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How good are pathogenicity predictors in detecting benign variants?

Niroula, Abhishek LU and Vihinen, Mauno LU (2019) In PLoS Computational Biology 15(2).
Abstract

Computational tools are widely used for interpreting variants detected in sequencing projects. The choice of these tools is critical for reliable variant impact interpretation for precision medicine and should be based on systematic performance assessment. The performance of the methods varies widely in different performance assessments, for example due to the contents and sizes of test datasets. To address this issue, we obtained 63,160 common amino acid substitutions (allele frequency ≥1% and <25%) from the Exome Aggregation Consortium (ExAC) database, which contains variants from 60,706 genomes or exomes. We evaluated the specificity, the capability to detect benign variants, for 10 variant interpretation tools. In addition to... (More)

Computational tools are widely used for interpreting variants detected in sequencing projects. The choice of these tools is critical for reliable variant impact interpretation for precision medicine and should be based on systematic performance assessment. The performance of the methods varies widely in different performance assessments, for example due to the contents and sizes of test datasets. To address this issue, we obtained 63,160 common amino acid substitutions (allele frequency ≥1% and <25%) from the Exome Aggregation Consortium (ExAC) database, which contains variants from 60,706 genomes or exomes. We evaluated the specificity, the capability to detect benign variants, for 10 variant interpretation tools. In addition to overall specificity of the tools, we tested their performance for variants in six geographical populations. PON-P2 had the best performance (95.5%) followed by FATHMM (86.4%) and VEST (83.5%). While these tools had excellent performance, the poorest method predicted more than one third of the benign variants to be disease-causing. The results allow choosing reliable methods for benign variant interpretation, for both research and clinical purposes, as well as provide a benchmark for method developers.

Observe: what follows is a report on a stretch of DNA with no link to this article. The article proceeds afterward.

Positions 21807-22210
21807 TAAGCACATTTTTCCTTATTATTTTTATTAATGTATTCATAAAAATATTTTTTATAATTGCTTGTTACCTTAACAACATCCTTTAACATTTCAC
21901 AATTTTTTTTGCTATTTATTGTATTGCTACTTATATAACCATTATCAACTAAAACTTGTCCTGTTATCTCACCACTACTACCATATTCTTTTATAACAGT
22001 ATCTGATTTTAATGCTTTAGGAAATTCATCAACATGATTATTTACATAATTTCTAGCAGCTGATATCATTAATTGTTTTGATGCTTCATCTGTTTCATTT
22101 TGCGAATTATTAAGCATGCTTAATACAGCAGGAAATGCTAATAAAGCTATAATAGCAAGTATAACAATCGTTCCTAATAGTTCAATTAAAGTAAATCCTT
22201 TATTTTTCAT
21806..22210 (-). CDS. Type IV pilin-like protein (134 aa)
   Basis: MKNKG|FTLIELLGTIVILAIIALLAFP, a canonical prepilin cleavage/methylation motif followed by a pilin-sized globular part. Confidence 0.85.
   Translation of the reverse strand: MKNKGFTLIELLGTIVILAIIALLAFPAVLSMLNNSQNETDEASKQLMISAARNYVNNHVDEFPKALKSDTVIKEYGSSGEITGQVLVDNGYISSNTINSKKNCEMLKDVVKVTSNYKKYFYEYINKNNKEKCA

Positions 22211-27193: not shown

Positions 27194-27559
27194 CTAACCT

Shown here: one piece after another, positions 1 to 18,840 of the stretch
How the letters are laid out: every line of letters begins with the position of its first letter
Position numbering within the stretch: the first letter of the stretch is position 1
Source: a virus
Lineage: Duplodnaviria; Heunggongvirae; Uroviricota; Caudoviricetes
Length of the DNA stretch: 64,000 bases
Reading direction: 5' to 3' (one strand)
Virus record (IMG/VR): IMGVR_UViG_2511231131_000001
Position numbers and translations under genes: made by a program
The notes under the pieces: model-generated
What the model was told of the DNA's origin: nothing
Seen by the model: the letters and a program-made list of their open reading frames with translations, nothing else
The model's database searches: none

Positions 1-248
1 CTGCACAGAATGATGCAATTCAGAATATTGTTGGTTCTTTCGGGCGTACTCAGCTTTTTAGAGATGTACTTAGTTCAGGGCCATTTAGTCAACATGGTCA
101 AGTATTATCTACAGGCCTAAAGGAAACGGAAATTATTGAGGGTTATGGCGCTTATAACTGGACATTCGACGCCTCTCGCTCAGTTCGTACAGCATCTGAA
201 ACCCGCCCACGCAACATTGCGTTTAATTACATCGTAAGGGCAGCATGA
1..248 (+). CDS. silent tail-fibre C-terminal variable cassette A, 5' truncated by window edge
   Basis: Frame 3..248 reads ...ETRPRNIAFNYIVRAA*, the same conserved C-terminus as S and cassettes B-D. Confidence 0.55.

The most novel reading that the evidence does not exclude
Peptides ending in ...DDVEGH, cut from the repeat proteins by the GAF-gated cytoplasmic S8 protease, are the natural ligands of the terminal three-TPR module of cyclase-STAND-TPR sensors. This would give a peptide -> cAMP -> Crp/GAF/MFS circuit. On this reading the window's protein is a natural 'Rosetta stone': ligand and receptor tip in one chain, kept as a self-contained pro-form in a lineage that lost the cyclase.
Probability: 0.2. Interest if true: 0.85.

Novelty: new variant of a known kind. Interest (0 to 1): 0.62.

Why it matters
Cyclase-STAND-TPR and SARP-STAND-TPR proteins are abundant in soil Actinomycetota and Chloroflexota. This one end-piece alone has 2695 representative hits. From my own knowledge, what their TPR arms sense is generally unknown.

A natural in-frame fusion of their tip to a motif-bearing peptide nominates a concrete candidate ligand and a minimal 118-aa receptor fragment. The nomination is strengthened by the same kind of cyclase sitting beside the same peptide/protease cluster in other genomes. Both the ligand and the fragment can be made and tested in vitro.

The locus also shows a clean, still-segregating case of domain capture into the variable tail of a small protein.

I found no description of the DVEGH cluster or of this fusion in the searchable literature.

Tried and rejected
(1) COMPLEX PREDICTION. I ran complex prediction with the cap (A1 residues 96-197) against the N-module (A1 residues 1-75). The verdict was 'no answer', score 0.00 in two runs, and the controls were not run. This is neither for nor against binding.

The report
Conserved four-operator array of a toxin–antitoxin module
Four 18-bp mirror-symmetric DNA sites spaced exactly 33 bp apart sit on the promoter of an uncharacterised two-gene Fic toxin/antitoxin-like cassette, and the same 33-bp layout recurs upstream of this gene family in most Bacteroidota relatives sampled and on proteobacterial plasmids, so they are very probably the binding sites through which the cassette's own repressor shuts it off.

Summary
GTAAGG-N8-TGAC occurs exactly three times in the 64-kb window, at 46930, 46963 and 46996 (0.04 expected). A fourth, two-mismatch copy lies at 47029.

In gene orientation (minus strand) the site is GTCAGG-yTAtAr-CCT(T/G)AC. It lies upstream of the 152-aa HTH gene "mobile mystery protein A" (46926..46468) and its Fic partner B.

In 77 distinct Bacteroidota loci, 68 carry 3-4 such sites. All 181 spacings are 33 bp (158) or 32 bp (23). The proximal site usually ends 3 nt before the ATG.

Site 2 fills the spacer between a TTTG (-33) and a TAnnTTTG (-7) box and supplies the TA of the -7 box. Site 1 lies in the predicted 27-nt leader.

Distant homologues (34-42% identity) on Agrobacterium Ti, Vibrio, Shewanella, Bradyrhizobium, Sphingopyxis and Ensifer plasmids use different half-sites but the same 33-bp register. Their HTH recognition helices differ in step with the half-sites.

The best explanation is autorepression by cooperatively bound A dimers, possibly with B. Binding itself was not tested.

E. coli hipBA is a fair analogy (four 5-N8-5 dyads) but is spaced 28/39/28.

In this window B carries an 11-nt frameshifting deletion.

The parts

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author
organization
publishing date
type
Contribution to journal
publication status
published
subject
in
PLoS Computational Biology
volume
15
issue
2
article number
e1006481
publisher
Public Library of Science
external identifiers
  • scopus:85062016592
  • pmid:30742610
ISSN
1553-7358
DOI
10.1371/journal.pcbi.1006481
language
English
LU publication?
yes
id
28b54977-6bbb-4845-937d-f74783db83e6
date added to LUP
2019-03-06 13:02:50
date last changed
2020-02-12 09:55:34
@article{28b54977-6bbb-4845-937d-f74783db83e6,
  abstract     = {<p>Computational tools are widely used for interpreting variants detected in sequencing projects. The choice of these tools is critical for reliable variant impact interpretation for precision medicine and should be based on systematic performance assessment. The performance of the methods varies widely in different performance assessments, for example due to the contents and sizes of test datasets. To address this issue, we obtained 63,160 common amino acid substitutions (allele frequency ≥1% and &lt;25%) from the Exome Aggregation Consortium (ExAC) database, which contains variants from 60,706 genomes or exomes. We evaluated the specificity, the capability to detect benign variants, for 10 variant interpretation tools. In addition to overall specificity of the tools, we tested their performance for variants in six geographical populations. PON-P2 had the best performance (95.5%) followed by FATHMM (86.4%) and VEST (83.5%). While these tools had excellent performance, the poorest method predicted more than one third of the benign variants to be disease-causing. The results allow choosing reliable methods for benign variant interpretation, for both research and clinical purposes, as well as provide a benchmark for method developers.</p>},
  author       = {Niroula, Abhishek and Vihinen, Mauno},
  issn         = {1553-7358},
  language     = {eng},
  month        = {02},
  number       = {2},
  publisher    = {Public Library of Science},
  series       = {PLoS Computational Biology},
  title        = {How good are pathogenicity predictors in detecting benign variants?},
  url          = {http://dx.doi.org/10.1371/journal.pcbi.1006481},
  doi          = {10.1371/journal.pcbi.1006481},
  volume       = {15},
  year         = {2019},
}